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Mount Airy business Q&A: Mount Airy Bicycle ‘might get busier than we want’

Mount Airy Bicycle, at 4540 Old National Pike, has been a fixture in southern Carroll County at the four-county nexus for 30 years.

Owner Larry Black, a major proponent of cycling in general and bike races for many years, initially feared what the coronavirus pandemic might do to his business. But after he saw how much people craved being outside after even the early days of the quarantine, Black saw business actually begin to boom.

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At the time, he called cycling “a good social distancing exercise,” and noted that his business was up “twofold” by mid-May 2020. We caught up with Black to talk about how Mount Airy Bicycle made it through the pandemic.

Larry Black, owner of Mount Airy Bicycle
Larry Black, owner of Mount Airy Bicycle (Jeffrey F. Bill/Carroll County Times)

When did your business open and what is it most known for?

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We opened in 1991. We are a destination and over half our customers come from out of the immediate market.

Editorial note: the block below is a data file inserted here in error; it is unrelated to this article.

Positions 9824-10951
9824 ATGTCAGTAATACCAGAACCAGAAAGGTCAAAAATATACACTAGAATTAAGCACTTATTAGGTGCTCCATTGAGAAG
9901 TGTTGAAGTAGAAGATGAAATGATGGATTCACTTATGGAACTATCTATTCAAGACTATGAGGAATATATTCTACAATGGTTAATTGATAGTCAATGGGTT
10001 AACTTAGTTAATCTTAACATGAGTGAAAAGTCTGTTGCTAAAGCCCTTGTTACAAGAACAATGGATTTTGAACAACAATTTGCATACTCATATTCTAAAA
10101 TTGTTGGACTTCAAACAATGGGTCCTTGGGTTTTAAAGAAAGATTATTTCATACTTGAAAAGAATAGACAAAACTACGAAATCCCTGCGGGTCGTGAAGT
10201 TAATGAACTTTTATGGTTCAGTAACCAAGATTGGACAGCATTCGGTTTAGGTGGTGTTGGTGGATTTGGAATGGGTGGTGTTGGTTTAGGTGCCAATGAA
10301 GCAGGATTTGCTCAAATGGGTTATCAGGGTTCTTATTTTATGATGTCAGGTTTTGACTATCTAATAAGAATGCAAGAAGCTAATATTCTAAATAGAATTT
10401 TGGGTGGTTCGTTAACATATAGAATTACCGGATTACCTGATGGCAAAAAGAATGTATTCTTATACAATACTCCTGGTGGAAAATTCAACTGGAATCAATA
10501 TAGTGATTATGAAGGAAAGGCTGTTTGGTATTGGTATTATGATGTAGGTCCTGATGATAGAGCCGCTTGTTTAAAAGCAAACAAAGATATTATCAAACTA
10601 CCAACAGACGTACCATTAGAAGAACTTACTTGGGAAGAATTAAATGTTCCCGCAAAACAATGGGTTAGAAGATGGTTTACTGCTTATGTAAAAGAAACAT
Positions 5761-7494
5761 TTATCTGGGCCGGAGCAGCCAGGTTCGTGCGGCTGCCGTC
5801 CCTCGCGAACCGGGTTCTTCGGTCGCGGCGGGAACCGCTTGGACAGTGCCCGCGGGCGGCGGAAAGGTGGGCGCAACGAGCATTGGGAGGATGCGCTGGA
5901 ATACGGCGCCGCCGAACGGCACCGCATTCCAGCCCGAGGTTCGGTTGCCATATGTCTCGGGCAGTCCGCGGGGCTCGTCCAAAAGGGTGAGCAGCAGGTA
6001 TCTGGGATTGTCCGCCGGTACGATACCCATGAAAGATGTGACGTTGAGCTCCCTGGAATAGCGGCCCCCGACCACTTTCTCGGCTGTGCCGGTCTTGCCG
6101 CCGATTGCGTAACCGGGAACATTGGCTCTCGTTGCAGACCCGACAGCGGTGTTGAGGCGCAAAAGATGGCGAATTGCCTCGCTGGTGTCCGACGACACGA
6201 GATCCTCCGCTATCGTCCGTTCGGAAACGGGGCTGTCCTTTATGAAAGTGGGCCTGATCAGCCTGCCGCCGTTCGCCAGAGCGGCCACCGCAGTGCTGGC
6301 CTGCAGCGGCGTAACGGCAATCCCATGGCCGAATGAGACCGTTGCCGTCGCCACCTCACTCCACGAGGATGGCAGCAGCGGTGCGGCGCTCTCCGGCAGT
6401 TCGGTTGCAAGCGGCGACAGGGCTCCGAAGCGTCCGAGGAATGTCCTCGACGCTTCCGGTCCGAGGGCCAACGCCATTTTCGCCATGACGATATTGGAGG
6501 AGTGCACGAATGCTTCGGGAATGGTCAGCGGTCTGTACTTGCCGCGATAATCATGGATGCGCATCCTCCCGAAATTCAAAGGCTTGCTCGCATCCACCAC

Because we cater to special needs, obscure and unusual merchandise, people have visited from across the country, and as far as Canada, Europe and New Zealand.

What role does your business play in your community?

We offer immediate service for local customers, pickups, deliveries, and have hosted special events.

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We support charities with donations of goods, services, and volunteerism.

How did the COVID-19 pandemic impact your business?

Because we were instrumental in having bicycle stores in Maryland declared essential early on, we experienced a surge in business.

What steps did you take to help your business survive the pandemic? Did you secure state/federal grants?

We opted out of any grants, loans, handouts, free help and charity.

We immediately offered outside curbside service, deliveries, pick ups, at-home service, and took the suggested health department protocols for sanitizing, distancing, barriers, and masking.

As a business owner, what did you learn about yourself, your employees and/or your customers during the pandemic?

We discovered how much the other places fell behind — while many shops were taking several weeks to complete repairs, we continued to offer same-day service to keep people healthy and moving.

Once we began to emerge from the pandemic, what changes made out of necessity did you do away with and what changes worked so well you will continue?

Not much will change — though we have been discovered by so many new people from so many places that we might get busier than we want.

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